From school to children’s community: the development of Manchester Communication Academy, England.

David Dyson, Kirstin Kerr, Lynne Heath, Patsy Hodson

Research output: Chapter in Book/Report/Conference proceedingChapterpeer-review


This chapter explores the innovative approach taken by one school - Manchester Communication Academy (MCA)- to improving outcomes for children, families and community groups in one of the most disadvantaged neighbourhoods in the city of Manchester, and indeed, in England. It argues that MCA embodies new thinking about how schools can become involved in tackling the interlinked problems of social and educational disadvantage. MCA is a ‘community’ school in that it is concerned not only with the academic needs of its students but with their personal and social development and with the development of the families and communities within which they live. However, unlike many community schools in the past, it does not seek simply to surround its traditional academic work with a few additional activities and services. Instead, it seeks to develop a coherent and comprehensive strategy for tackling disadvantage, and to do so as part of a wide-ranging partnership of community agencies and representatives. MCA’s efforts in this direction raise fundamental questions about the role of schools and the purposes of schooling in areas of social disadvantage – questions that have resonance well beyond the boundaries of the city where it is located.

In this chapter, we try to capture the distinctive features of what is being attempted at MCA. The evidence on which the chapter draws has been generated in the course of a research partnership between the academy and researchers in the Centre for Equity in Education at the University of Manchester. This partnership was established shortly after the academy opened in 2010 and has taken a number of forms since then. University researchers have worked with the academy on the development of its community strategy, the vice principal has undertaken doctoral research at the university, a second doctoral researcher has been ‘embedded’ in the academy and, latterly, there has been substantial collaboration on the development and evaluation – described below – of a ‘children’s community’ based around the academy. During the course of these activities, the university team has had access to documentation from the academy, to field notes from meetings and events, to interview data with academy staff, students, community agency representatives and local residents, and to the data and findings from the doctoral studies. However, the relationship between the university and academy is more than that of researcher and researched. Rather, it is a ‘critical friendship’ in which both parties seek to support each other’s work, but believe that they do so best by offering an independent and – where necessary – critical perspective. This chapter, therefore, offers a distinctive ‘insider’ perspective on the academy, but sets this in a wider perspective of critical scholarship. It is in this spirit that the chapter is co-authored by the leaders of the academy and the leaders of the university team.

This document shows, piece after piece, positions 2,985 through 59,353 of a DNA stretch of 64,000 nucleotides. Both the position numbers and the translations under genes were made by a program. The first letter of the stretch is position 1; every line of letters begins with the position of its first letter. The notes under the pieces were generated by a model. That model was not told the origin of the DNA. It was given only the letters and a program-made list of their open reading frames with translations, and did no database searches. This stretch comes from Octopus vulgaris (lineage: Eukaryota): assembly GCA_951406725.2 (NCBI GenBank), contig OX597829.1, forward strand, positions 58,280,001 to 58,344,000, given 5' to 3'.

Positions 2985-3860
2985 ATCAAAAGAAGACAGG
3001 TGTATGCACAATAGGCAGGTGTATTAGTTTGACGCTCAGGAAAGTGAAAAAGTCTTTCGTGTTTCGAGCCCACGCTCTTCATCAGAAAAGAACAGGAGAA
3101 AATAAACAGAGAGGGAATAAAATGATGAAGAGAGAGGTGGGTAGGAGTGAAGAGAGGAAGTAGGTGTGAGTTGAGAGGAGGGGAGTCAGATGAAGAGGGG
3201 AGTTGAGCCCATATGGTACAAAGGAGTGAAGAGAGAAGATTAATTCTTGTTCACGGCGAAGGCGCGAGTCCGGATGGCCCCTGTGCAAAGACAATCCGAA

With this critical perspective in mind, we avoid here any claims that MCA ‘s story is one of unqualified success. What is being attempted there is still very much a work in progress. While there have been important impacts and achievements, much remains to develop, and the thorough evaluation of its efforts is only just beginning. What matters about the academy, however, is the thinking about schooling and disadvantage – the ‘vision’ – which its efforts embody and the possibilities which that vision illuminates.
Original languageEnglish
Title of host publicationDeveloping community schools, community learning centers, multi-service schools and extended-service schools
Subtitle of host publicationinternational exemplars for practice, policy and research.
Place of PublicationThe Hague
PublisherSpringer Nature
Number of pages37
ISBN (Print)9783319256641
Publication statusPublished - 2016


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